8 Spots In The U.S. Where The Night Sky Is Prime For Stargazing
Wondering where to find the darkest skies in the country for the best stargazing ever? We know where you should go.
In fact, there’s a set measurement that can tell you how great your view of the night sky will be in a certain location (clouds TBD, of course). It’s called an International Dark Sky Association International Dark Sky Park (IDSP), and it’s awarded to destinations with “exceptional or distinguished quality of starry nights.” And in the United States, we have more than 40 of them. These spots are removed from the light pollution of bright city lights so you have a pretty good chance of staring up at the Milky Way and seeing a million little twinkling lights in extraordinary clarity — the kind of views that are usually invisible to the naked eye when we’re in the middle of big urban centers. We picked eight of the best stargazing places in the U.S. that’ll make you want to pack a picnic blanket and a telescope and watch the skies for hours.
1. Black Canyon of the Gunnison National Park in Colorado
The entire expanse of this park has little to no artificial lighting and what’s there has been specially engineered to not mess with your night sky viewing. And it’s dark; even during the day, there are places in the canyon that the sun never hits.
2. Cherry Springs State Park in Pennsylvania
Located inside the massive Susquehannock State Forest, Cherry Springs has a special astronomy field that offers 360-degree views of the heavens. You’ll get views in Pennsylvania that would make even a Rocky Mountain resident jealous.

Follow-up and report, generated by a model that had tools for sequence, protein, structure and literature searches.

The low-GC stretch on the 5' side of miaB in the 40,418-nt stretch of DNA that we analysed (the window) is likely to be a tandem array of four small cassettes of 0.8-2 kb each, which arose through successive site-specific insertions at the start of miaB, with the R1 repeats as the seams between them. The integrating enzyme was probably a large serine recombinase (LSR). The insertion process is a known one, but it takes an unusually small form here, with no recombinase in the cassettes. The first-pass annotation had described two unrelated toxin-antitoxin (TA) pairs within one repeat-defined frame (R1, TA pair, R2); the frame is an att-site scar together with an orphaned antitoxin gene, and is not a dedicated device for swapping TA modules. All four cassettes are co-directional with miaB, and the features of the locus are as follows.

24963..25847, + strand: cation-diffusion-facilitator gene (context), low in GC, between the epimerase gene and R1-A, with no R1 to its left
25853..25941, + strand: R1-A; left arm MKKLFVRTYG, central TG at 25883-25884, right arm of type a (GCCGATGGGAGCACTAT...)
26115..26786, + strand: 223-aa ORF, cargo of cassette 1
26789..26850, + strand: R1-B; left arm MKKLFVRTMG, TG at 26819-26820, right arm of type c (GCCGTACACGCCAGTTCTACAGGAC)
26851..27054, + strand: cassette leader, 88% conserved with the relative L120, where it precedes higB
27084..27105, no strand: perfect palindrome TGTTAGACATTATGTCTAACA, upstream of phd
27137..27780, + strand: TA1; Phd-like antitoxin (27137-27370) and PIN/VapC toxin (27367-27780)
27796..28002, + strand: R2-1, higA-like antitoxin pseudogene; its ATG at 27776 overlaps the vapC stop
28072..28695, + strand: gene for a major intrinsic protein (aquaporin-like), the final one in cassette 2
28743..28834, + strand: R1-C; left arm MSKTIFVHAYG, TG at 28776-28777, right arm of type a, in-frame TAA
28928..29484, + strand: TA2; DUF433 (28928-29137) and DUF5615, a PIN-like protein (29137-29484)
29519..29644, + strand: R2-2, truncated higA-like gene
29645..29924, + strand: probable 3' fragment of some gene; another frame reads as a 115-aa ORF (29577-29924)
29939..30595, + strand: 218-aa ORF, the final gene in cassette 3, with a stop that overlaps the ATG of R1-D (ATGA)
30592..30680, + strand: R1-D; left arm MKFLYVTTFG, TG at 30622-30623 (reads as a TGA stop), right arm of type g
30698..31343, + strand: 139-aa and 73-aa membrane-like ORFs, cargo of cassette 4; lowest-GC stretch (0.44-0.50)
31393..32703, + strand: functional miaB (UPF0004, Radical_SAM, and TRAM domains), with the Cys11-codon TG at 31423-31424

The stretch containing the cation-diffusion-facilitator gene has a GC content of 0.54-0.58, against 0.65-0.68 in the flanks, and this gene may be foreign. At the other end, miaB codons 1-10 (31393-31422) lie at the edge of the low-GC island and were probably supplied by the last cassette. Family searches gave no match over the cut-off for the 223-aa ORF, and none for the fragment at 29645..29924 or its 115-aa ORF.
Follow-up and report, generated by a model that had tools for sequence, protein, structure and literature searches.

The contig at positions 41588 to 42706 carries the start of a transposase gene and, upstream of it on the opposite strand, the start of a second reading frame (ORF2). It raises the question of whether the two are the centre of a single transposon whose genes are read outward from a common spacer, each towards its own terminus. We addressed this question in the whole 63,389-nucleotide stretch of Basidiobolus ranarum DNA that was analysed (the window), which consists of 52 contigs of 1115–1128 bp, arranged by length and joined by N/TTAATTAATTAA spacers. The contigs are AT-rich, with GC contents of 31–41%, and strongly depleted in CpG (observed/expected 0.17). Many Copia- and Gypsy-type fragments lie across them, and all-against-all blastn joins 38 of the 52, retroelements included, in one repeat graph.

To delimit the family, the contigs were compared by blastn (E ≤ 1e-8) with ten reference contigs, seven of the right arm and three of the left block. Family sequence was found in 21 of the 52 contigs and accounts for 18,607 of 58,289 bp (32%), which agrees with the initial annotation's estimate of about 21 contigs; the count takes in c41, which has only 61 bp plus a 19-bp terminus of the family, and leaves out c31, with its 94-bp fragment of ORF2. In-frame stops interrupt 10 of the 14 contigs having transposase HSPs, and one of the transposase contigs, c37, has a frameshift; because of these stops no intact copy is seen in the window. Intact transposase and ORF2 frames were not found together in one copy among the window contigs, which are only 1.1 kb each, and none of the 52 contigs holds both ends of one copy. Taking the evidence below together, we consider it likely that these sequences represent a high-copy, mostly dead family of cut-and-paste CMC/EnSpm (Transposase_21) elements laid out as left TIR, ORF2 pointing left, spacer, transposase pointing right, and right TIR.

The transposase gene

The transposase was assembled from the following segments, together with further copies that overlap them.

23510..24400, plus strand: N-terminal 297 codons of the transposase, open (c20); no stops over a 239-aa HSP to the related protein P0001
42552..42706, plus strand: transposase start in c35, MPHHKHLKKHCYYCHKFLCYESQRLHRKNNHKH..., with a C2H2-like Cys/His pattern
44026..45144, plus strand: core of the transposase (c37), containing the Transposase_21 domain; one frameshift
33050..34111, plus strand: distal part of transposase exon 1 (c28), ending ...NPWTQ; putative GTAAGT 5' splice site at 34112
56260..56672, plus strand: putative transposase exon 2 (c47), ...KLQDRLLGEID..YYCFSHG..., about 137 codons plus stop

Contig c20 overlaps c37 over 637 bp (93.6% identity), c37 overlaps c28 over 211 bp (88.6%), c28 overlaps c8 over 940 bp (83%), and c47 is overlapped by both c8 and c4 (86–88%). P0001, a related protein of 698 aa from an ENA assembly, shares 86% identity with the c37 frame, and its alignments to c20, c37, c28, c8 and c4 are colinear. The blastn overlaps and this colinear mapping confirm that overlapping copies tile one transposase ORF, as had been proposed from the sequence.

3. Grand Canyon National Park in Arizona
Mile upon mile of the Grand Canyon is untouched by humans, meaning the night sky is intensely dark. The National Park Service actually has a special slogan for the Grand Canyon: Half the park is after dark.
4. Death Valley National Park in California
You already know Death Valley is remote and desolate, making it ideal for stargazing. It’s almost like looking at the desert sky before humans took over the surrounding landscapes and ruined the views with bright sprawls of Las Vegas and Los Angeles.
5. Capitol Reef National Park in Utah
The main attraction at Capital Reef is the Waterpocket Fold, a giant rock formation that used to be a huge problem for early settlers crossing into California. Now, it’s a gorgeous backdrop for watching the stars.
6. Bryce Canyon National Park in Utah
If you don’t want to battle the crowds at the Grand Canyon, try nearby Bryce. The landscape is more varied than its more famous neighbor and we think it’s just as stunning. We’d suggest camping for the full effect.
7. Newport State Park in Wisconsin
An underrated state entirely, Wisconsin’s North Woods are hiding some out-of-this-world natural retreats. And even better, the far-removed wilderness is nowhere near any big cities so you’ll have unobstructed views of the sky.
8. Denali National Park in Alaska
Although not an IDSP, Denali’s high altitude and northern location give you not only great starry night-scapes, but also potential to see the granddaddy of celestial events: the northern lights.